Focus: No Nuke No Future
Photo by 廖培恩
Two years ago, our colleagues Nick and Zijie led a focus on the social activist scenes that were starting to revive after decades of silence. Things had changed a lot since 2011. The number of anti-nuclear protest participants has quadrupled from 50,000 in the April 30, 2011 demonstration to 200,000 in March 9 this year. Many subculture-oriented groups are forming at this moment to protest, through music and visual art, Taiwan's decision to build the 4th nuclear power plant, such as the the rave-oriented collective P.L.U.R.S. Thus, this month eRenlai decided to do a recap focus on what has been happening in the anti-nuclear moment, specifically on the March 9th demonstration earlier this year and the P.L.U.R.S. kids that organized the DJ truck in the parade.
This article is a review of the large anti-nuclear protest in Taipei on March 9, 2013. Click inside to watch interviews with participants filmed by Caterina Pavese and Cerise Phiv.
I have really good memories of the 9th March 2013 demonstration, when thousands of people marched together across the streets of Taipei city centre, to finally reach the gathering point, close to the main square of the city, where stands were set up and live music was performed.
Activist Kenichiro Egami discusses topics related to social protest in Japan, including an analysis of the group "Amateur Riot" and a discussion of the role of mothers in the aftermath of the Fukushima Disaster.
Anti-nuclear demonstration on March 9, 2013 (Photo by 廖培恩)
Since the Fukushima nuclear disaster in March 11th, 2011 in Japan, the anti-nuclear protests in Taiwan have been more numerous than ever. The most recent street demonstration against the building of the 4th nuclear power plant in Taiwan has attracted 200,000 citizens to walk the streets (that's 4 times larger than the first anti-nuclear procession right after Fukushima and ten times larger than the first major anti-nuclear procession 2 decades ago). More important perhaps, is that for many young people in Taiwan, it was their first experience in participating in social activism.
In this video, Charlie speaks of electronic music as the language of a new generation in Taiwan and its effect in social protests. He also points out how the youth in Taiwan are engaging in social activism in part to recapture a memory that has been made blank for a few decades as a result of its turbulent political history.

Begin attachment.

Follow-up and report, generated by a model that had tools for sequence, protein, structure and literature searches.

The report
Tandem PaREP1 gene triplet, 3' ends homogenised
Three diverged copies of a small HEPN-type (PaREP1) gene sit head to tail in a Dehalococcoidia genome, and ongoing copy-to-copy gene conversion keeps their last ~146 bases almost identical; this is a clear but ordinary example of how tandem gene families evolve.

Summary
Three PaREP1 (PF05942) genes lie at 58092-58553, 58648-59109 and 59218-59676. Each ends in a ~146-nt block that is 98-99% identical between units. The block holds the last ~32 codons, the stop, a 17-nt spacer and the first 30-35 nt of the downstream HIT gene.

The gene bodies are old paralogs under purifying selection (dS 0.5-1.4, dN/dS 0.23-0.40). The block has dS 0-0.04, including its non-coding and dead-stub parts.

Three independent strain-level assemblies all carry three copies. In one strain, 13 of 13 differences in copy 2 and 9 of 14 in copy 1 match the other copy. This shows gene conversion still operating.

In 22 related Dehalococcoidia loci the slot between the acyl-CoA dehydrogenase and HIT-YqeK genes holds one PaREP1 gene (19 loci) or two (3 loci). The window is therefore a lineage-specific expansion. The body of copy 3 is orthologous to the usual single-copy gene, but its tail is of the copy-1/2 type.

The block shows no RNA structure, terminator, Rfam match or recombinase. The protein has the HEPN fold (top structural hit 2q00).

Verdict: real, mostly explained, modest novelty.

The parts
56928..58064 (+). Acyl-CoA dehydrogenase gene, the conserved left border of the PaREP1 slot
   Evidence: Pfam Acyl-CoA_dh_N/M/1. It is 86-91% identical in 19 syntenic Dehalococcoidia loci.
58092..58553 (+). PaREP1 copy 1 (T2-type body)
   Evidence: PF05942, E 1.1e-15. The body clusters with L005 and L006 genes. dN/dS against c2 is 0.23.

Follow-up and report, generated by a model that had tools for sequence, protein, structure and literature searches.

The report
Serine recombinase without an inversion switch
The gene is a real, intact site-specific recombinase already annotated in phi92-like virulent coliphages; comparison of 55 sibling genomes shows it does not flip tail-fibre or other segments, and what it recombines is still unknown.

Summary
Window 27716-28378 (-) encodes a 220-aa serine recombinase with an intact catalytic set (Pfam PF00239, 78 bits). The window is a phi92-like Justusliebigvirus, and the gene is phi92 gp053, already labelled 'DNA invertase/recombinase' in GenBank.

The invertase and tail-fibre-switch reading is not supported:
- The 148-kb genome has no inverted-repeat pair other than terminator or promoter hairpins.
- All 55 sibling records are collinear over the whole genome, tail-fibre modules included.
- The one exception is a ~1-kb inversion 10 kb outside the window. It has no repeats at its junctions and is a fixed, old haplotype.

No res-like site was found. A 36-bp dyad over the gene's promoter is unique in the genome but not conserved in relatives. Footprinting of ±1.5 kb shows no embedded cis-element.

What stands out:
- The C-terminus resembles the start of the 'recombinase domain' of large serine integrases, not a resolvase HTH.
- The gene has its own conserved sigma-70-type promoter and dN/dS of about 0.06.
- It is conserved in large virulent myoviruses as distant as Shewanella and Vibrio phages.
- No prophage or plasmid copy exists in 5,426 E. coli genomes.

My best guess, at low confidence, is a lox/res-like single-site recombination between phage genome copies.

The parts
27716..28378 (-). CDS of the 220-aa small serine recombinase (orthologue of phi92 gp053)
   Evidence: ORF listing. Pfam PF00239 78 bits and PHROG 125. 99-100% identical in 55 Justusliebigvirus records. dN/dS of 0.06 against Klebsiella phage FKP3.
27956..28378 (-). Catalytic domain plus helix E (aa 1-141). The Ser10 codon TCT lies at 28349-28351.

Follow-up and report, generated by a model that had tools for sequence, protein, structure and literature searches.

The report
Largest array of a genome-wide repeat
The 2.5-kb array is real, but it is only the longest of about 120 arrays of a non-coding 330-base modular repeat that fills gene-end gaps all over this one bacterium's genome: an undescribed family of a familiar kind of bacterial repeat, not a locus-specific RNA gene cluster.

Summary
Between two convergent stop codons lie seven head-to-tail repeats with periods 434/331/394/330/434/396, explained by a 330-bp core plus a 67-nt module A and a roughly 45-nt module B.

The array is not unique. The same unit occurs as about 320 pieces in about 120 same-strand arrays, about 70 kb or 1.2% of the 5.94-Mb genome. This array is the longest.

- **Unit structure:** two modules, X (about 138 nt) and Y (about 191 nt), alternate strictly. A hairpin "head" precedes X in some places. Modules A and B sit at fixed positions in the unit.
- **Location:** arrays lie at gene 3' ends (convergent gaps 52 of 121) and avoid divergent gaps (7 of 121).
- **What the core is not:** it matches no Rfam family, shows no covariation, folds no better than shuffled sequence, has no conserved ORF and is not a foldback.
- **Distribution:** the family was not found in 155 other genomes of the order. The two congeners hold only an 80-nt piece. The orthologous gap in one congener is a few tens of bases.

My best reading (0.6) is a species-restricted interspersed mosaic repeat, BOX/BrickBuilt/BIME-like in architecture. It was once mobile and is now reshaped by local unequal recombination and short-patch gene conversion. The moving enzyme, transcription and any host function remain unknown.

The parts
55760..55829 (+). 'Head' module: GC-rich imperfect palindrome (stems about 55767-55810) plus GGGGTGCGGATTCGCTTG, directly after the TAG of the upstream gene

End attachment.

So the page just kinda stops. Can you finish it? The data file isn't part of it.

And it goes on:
Photo by 廖培恩
In this video, Zijie recounts his first encounter of anti-nuclear awareness during the Ho-Haiyang rock music festival. Being the founding member of the anti-nuclear group NoNukes active around 2010-2011, he also goes over past experiences of incorporating rock music and electronic music into social protests. In the end of the interview he gives an interesting observation on the function of social protests.
In this interview, Betty Apple attempts to delineate the different modes of interaction between art and social activism. In the end of the interview she reflects on the tension between her identity as a modern, solitary individual and and the collectivism that is required in social activism.
Study, graduate, work, start a family,
I've tried my hardest, but I've always been down and out. Whose rules am I supposed to be playing by? What course have I been put on?
Let's break the rules! Take the piss, to get back a bit of logic!
by Zijie Yang, translated by Conor Stuart and Julia Chien from the original Chinese, photos by Park Swan
In the following video Chen Xiaoqi, a theatre student at National Taiwan University of Arts, discusses the concept of rave parties both as a form of theatre and as a form of protest and how the interactive and decentred nature of parties affects the social aspect of the art of DJing.
In Dec 2012, A DJ collective called "Soundfarmers" from Taipei released an electronic music compilation "I Love Nuclear," which has been reviewed in Paul Farrelly's eRenlai article A Sonic Meltdown: A Review on "I Love Nuclear!?"
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